“The potential is very, very great for Mr. Prince not to receive a trial by a fair and impartial jury,” Jenkins said.

Curtin agreed it’s likely most prospective jurors will know about the Advanced Granite shooting. But she said the voir dire process should vet potential jurors to determine if they can put aside their knowledge of the crime and be fair and impartial if selected for the jury.

“Isn’t that the purpose of jury selection?” she asked. “Having knowledge of an event does not preclude a juror from serving.”

There have been other high profile cases in Maryland, with extensive publicity locally and nationally, and all those cases have remained in the jurisdiction where they occurred, Curtin said.

Evidence in the case

During arguments regarding photographs that could be used as evidence in the case, Assistant State’s Attorney Scott Lewis provided the first look at what to expect.

Janowich said he submitted a “cautionary filing” so the state does not inundate jurors or the rest of the court with pictures that are “extremely graphic and extremely disturbing.”

Lewis said he intends to present autopsy photographs, as well as crime scene footage, both video and still photographs.

The video is shot from a distance and an opposite angle of the shooting, and it’s difficult to see where the victims are, he said.

“[The photos show] all three fatalities are close together and the proximity of the shell casings to the victims bodies, and what obstacles faced the victims as they tried to flee,” Lewis said.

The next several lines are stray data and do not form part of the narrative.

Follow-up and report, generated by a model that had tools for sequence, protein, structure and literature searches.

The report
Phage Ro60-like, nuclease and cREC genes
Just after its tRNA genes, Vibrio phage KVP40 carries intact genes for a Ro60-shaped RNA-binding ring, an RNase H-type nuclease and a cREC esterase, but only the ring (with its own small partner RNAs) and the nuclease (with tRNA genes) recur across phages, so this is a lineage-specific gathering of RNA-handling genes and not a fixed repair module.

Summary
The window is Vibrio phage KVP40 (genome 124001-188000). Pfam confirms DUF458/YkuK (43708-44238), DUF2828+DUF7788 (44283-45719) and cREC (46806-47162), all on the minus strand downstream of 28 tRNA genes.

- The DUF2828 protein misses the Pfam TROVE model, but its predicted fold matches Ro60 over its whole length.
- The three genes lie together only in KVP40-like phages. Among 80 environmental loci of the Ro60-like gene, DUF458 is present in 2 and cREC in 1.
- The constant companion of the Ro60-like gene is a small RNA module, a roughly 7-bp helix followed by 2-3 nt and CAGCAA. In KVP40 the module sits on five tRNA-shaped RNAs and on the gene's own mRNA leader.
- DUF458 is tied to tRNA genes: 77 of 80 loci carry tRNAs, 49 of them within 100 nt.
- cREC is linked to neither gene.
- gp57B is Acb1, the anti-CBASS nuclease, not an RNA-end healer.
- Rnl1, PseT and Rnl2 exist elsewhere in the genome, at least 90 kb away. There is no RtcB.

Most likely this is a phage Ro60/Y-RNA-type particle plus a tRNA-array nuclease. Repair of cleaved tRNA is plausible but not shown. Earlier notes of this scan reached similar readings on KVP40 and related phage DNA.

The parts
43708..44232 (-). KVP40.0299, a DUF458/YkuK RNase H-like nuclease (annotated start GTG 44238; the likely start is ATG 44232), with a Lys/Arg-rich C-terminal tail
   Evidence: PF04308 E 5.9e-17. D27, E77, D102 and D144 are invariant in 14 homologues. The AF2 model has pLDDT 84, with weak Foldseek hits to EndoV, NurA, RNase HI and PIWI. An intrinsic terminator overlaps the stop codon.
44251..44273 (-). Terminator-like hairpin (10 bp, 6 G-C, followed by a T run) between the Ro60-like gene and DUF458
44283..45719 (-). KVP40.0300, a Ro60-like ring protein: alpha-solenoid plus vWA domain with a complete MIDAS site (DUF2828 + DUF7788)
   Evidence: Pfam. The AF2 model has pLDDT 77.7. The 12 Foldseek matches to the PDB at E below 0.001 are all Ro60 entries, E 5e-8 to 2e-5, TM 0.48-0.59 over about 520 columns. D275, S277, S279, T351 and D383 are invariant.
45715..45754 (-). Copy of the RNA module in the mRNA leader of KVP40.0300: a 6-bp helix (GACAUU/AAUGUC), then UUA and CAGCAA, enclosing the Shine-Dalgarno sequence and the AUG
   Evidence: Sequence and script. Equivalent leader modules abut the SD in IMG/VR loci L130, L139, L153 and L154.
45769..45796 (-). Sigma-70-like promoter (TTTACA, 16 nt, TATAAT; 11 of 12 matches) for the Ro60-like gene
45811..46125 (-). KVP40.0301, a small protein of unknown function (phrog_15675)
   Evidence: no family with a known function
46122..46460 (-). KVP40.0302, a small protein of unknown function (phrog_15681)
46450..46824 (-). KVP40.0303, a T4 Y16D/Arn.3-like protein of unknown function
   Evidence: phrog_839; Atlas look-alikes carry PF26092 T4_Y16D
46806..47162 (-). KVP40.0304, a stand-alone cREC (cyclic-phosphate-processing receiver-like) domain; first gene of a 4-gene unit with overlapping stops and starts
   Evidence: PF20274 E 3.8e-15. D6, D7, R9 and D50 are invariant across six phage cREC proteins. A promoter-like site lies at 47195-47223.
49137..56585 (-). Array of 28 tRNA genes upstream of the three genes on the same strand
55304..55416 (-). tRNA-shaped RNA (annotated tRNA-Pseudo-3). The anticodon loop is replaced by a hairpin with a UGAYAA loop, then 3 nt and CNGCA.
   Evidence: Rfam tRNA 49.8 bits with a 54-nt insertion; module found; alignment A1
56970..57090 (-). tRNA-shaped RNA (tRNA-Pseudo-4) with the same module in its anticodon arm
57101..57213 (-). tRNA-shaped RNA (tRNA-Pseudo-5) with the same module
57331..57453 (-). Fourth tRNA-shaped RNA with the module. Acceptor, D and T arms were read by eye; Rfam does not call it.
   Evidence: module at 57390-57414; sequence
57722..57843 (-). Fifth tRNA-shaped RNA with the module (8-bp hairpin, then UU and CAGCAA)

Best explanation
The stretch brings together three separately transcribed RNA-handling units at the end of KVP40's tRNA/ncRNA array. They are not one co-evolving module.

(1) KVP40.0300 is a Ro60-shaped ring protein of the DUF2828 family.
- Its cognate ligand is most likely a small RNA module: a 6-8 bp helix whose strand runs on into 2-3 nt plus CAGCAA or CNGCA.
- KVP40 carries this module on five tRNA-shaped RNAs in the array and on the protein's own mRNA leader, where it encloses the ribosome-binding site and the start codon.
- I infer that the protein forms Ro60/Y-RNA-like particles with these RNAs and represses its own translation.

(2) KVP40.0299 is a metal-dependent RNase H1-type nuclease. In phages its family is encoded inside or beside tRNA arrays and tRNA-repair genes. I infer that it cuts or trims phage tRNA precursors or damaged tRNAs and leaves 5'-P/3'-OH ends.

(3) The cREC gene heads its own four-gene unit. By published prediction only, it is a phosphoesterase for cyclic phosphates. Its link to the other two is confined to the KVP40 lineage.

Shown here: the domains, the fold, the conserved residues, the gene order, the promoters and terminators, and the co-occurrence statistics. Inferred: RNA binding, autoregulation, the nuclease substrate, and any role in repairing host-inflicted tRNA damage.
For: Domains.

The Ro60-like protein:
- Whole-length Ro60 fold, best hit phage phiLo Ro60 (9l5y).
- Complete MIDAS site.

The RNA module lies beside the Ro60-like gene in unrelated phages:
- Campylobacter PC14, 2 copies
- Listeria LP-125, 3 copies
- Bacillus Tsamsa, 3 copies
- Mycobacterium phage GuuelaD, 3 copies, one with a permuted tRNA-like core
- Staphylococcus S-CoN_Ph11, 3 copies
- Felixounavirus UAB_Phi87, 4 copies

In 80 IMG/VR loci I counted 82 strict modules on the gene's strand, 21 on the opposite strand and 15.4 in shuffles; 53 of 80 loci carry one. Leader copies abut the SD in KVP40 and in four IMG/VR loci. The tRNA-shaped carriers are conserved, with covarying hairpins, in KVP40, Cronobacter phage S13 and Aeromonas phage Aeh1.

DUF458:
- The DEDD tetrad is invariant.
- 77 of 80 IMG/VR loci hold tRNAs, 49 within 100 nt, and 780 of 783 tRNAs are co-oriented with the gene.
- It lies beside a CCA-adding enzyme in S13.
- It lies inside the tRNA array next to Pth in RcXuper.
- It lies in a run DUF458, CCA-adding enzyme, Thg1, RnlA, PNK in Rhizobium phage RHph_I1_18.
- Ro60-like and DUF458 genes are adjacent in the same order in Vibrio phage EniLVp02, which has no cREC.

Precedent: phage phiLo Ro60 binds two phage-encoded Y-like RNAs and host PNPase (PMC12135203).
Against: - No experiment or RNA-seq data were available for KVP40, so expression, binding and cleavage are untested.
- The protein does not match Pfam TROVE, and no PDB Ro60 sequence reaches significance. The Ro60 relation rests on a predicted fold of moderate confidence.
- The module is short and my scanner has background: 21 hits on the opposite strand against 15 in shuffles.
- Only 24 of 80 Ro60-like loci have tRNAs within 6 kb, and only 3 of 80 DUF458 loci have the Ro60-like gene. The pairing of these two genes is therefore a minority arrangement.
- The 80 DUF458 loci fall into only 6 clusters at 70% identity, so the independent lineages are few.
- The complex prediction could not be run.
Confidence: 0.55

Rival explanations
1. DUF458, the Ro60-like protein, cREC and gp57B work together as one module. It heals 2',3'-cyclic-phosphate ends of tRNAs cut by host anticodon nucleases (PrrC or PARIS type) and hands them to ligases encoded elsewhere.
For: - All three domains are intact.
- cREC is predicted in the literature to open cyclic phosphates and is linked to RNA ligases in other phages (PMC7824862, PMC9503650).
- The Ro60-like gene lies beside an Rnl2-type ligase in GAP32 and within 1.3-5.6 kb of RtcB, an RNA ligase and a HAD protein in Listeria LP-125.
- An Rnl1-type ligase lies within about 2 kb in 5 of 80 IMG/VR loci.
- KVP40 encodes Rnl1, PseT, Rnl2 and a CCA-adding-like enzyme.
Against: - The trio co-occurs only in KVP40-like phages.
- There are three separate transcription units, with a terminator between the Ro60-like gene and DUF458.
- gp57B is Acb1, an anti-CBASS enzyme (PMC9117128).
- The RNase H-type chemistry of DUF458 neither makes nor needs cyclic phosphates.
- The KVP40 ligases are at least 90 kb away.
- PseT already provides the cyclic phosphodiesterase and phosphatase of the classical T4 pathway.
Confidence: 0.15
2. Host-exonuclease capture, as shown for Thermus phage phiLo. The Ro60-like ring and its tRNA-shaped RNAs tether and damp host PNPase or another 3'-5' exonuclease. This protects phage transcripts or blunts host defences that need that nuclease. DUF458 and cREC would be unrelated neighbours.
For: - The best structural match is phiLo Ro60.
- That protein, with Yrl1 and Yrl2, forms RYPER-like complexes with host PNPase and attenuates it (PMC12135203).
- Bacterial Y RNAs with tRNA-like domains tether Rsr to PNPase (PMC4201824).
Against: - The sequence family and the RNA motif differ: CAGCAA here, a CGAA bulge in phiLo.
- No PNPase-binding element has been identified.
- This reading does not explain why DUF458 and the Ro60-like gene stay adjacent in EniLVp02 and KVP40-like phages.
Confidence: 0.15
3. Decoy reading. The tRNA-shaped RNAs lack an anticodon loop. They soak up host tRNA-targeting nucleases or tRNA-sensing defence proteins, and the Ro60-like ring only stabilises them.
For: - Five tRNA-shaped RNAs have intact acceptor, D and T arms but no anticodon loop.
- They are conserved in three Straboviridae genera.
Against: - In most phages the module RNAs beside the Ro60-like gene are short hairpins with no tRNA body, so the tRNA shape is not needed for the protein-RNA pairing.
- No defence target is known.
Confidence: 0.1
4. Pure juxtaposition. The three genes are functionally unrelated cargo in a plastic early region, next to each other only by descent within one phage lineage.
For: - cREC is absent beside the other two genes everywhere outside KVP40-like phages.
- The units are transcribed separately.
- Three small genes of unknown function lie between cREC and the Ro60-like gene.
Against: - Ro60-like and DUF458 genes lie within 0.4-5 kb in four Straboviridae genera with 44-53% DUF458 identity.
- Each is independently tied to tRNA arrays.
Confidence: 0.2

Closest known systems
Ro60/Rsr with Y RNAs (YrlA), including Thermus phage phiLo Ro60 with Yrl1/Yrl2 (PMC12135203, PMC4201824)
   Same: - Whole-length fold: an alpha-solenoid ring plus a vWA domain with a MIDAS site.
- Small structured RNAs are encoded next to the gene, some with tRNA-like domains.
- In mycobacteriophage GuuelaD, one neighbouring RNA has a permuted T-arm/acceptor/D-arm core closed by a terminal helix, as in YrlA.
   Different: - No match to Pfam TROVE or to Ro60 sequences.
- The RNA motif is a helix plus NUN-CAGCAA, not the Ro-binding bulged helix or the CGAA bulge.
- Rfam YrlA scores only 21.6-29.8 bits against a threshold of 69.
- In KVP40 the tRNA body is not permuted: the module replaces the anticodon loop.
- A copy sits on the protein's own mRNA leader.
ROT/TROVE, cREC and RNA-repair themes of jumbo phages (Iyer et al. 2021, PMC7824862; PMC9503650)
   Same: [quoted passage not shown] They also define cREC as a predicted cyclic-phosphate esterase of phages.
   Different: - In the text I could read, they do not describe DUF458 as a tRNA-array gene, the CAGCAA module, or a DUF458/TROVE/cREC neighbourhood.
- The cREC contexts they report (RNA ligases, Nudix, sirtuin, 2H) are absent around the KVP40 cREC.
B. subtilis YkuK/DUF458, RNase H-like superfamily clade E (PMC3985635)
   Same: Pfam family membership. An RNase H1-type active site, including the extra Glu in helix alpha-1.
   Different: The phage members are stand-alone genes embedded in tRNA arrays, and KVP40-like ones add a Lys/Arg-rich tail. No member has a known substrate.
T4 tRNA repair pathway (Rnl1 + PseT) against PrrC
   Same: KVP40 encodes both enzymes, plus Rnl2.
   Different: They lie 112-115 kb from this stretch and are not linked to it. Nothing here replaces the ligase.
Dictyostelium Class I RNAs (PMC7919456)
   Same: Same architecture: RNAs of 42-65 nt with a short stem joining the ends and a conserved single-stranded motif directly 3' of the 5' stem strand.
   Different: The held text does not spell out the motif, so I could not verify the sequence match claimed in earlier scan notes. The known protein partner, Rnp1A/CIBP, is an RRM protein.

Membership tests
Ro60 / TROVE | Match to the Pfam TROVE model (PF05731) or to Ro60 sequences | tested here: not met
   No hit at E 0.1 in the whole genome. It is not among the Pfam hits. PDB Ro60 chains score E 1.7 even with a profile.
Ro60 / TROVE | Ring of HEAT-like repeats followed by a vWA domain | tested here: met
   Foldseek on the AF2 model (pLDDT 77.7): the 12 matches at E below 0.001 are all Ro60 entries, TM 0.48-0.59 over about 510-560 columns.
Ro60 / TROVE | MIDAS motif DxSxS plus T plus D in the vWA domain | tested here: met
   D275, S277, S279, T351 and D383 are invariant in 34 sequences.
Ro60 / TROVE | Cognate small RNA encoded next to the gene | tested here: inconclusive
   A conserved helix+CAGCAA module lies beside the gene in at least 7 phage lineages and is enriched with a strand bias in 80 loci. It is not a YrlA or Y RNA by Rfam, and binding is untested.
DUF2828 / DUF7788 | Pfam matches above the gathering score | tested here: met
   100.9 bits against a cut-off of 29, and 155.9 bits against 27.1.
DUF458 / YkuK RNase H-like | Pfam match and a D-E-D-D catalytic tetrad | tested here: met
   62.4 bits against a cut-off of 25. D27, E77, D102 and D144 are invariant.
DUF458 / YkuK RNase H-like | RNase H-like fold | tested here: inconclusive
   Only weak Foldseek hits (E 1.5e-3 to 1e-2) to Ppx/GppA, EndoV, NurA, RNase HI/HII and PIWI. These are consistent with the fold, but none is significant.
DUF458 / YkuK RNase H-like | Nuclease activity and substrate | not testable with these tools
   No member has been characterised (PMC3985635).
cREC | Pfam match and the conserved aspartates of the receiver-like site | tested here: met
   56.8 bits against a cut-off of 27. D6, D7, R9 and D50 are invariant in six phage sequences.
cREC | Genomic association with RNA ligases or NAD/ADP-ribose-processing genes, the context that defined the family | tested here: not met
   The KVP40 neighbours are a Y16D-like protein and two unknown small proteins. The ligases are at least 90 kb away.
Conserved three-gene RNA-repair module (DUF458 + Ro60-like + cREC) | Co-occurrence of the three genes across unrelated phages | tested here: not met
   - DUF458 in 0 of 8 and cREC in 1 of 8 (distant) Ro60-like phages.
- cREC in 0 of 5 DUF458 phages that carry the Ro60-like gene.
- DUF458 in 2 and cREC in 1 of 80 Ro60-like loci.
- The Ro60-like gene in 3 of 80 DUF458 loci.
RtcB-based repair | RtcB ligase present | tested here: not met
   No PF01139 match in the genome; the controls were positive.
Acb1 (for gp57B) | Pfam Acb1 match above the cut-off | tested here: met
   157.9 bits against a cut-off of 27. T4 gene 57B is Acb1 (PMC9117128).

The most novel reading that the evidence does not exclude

Curtin said it’s premature to rule on Janowich’s filing because no evidence has been submitted, but she will consider the motion if and when it becomes an issue.

Both sides filed motions to preclude certain evidence from being used during the guilt/innocence phase of the trial.

A change of plea Monday by the man charged in the Capital Gazette shooting could be a key step in the direction of the case.

Lewis argued, and Curtin agreed, the use of Prince’s medical records from a 2014 assault have no relevance to the 2017 incident and cannot be introduced. It could, however, be used if and when the jury considers a judgment of not criminally responsible.

She made the same ruling on the defense’s behalf that no details of a shooting in Delaware be permitted as part of the Advanced Granite shooting. The state can discuss where Prince was arrested, where the gun was found and other details about the circumstances in Delaware as they pertain to the Maryland case, but not about the shooting itself.

On his behalf

Before Janowich and Jenkins became involved in the case, Prince filed his own motion to dismiss the case, which he argued Monday before Curtin.

Prince told the judge he did not sign, twice, an interstate detainer to waive extradition proceedings to bring him back to Maryland. He was held in Delaware while his case there was adjudicated.

He was indicted in Maryland in January 2018, but he wasn’t served with the paperwork until May.

“I seen it on the news, the assistant district attorney made a statement, but I never received my paperwork. Why did it take 100-plus days to send me a copy of the indictment and why did they not respond until October to motions I filed in May?” Prince said. “I believe that’s a clear violation to my rights in this case.”


Curtin said the court could not take any action until Prince arrived in Maryland and had tried to schedule a speedy trial for Prince — within 120 days — but the trial was postponed in January so he could undergo further psychiatric evaluation.

She denied his motion to dismiss the charges.

Recommended on Baltimore Sun